Aug. 7 (Bloomberg) -- President Enrique Pena Nieto will delay the announcement of his proposal to end Mexico’s seven-decade state energy monopoly until next week, he said today in a statement posted to his Twitter page.
“I continue to prepare the presentation of the energy reform that will stimulate national development,” he said in a statement confirmed by the presidential press office. “I’ve decided to announce it next week.”
The delay comes as political parties extend negotiations, said a person who isn’t authorized to speak publicly about the president’s plans. Francisco Arroyo, a lawmaker with Pena Nieto’s ruling party and speaker of the lower house, said in a Radio Formula interview that the bill will be pushed back a few days to reach the “broadest consensus possible.”
Pena Nieto is seeking to change the constitution to allow companies such as Exxon Mobil Corp. and Chevron Corp. to pump crude in the nation with Latin America’s third-largest proven oil reserves for the first time since 1938, the president of the ruling Institutional Revolutionary Party Cesar Camacho said in an interview yesterday. A more aggressive proposal delivered last week by an opposition party is increasing Pena Nieto’s chances of pushing the bill through Congress, according to Nomura Holdings Inc.
“Although we’d like to have the reform approved as is, it’s obvious that won’t occur,” Camacho said by telephone. “It’s necessary to listen to many voices and for the legislators to come to an agreement on the essential topics.”
Pena Nieto said yesterday he was planning to present the bill this week.
Mexico’s peso fell 0.5 percent to 12.6857 per U.S. dollar at 12:10 p.m. in Mexico City, the biggest decline among 16 major currencies tracked by Bloomberg. The proposal’s delay is “seen in a very bad light,” said Roberto Galvan, a currency trader at Intercam Casa de Bolsa SA in Mexico City. “Everyone expected that today it would be presented.”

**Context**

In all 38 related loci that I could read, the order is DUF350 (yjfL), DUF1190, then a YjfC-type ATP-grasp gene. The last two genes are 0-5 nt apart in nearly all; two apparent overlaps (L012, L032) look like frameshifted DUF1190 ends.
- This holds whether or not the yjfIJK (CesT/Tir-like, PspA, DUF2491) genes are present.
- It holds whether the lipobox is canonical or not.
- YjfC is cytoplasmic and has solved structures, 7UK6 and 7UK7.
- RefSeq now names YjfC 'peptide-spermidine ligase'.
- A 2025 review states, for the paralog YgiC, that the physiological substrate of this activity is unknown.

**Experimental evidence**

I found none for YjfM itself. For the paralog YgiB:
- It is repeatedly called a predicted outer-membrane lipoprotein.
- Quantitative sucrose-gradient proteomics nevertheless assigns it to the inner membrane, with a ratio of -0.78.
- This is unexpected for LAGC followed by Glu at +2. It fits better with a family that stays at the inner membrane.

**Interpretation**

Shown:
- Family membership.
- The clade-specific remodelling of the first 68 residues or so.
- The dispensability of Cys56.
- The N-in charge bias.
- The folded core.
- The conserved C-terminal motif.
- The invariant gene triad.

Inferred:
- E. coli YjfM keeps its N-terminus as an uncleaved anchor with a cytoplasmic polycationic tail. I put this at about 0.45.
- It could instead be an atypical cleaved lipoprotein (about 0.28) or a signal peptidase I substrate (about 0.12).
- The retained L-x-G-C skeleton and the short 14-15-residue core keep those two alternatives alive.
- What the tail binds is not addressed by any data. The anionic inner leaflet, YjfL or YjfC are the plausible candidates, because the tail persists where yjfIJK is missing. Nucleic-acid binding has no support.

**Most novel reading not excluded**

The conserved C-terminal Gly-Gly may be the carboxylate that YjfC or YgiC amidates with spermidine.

Galvan said a delay suggests that there’s been some problem in the negotiations between political parties even as it remains a top priority for Pena Nieto. The Democratic Revolution Party, or PRD, which has said it opposes changing the constitution, will present its own energy proposal this week.
Pena Nieto delayed the bill “in order to negotiate with the PRD,” Jorge Chabat, a political scientist at the Center for Economic Research and Teaching, a Mexico City-based university, said in a phone interview. “It’s the only explanation,” Chabat said. “I think this favors Pena Nieto’s proposal. It allows more time for the bill to be hammered out.”
The bill to loosen state-owned Petroleos Mexicanos’s grip on crude output and attract investment would be the economy’s biggest overhaul since the North American Free Trade Agreement in 1994.
Pena Nieto, a 47-year-old former governor who took office in December, will propose production-sharing contracts for oil exploration and output, while drawing the line at offering private companies equity stakes in concessions, Camacho said. He declined to say which constitutional articles would be modified.
Exxon, the world’s most valuable energy company, Chevron and Spanish oil producer Repsol SA are among companies that have expressed interest in Mexico’s oil fields. Alan Jeffers, an Exxon spokesman in Irving, Texas, wasn’t available for comment, an assistant said by phone yesterday.
A press official who isn’t an authorized spokesman for Pemex, as Petroleos Mexicanos is known, said the company won’t comment until Pena Nieto’s proposal is released.
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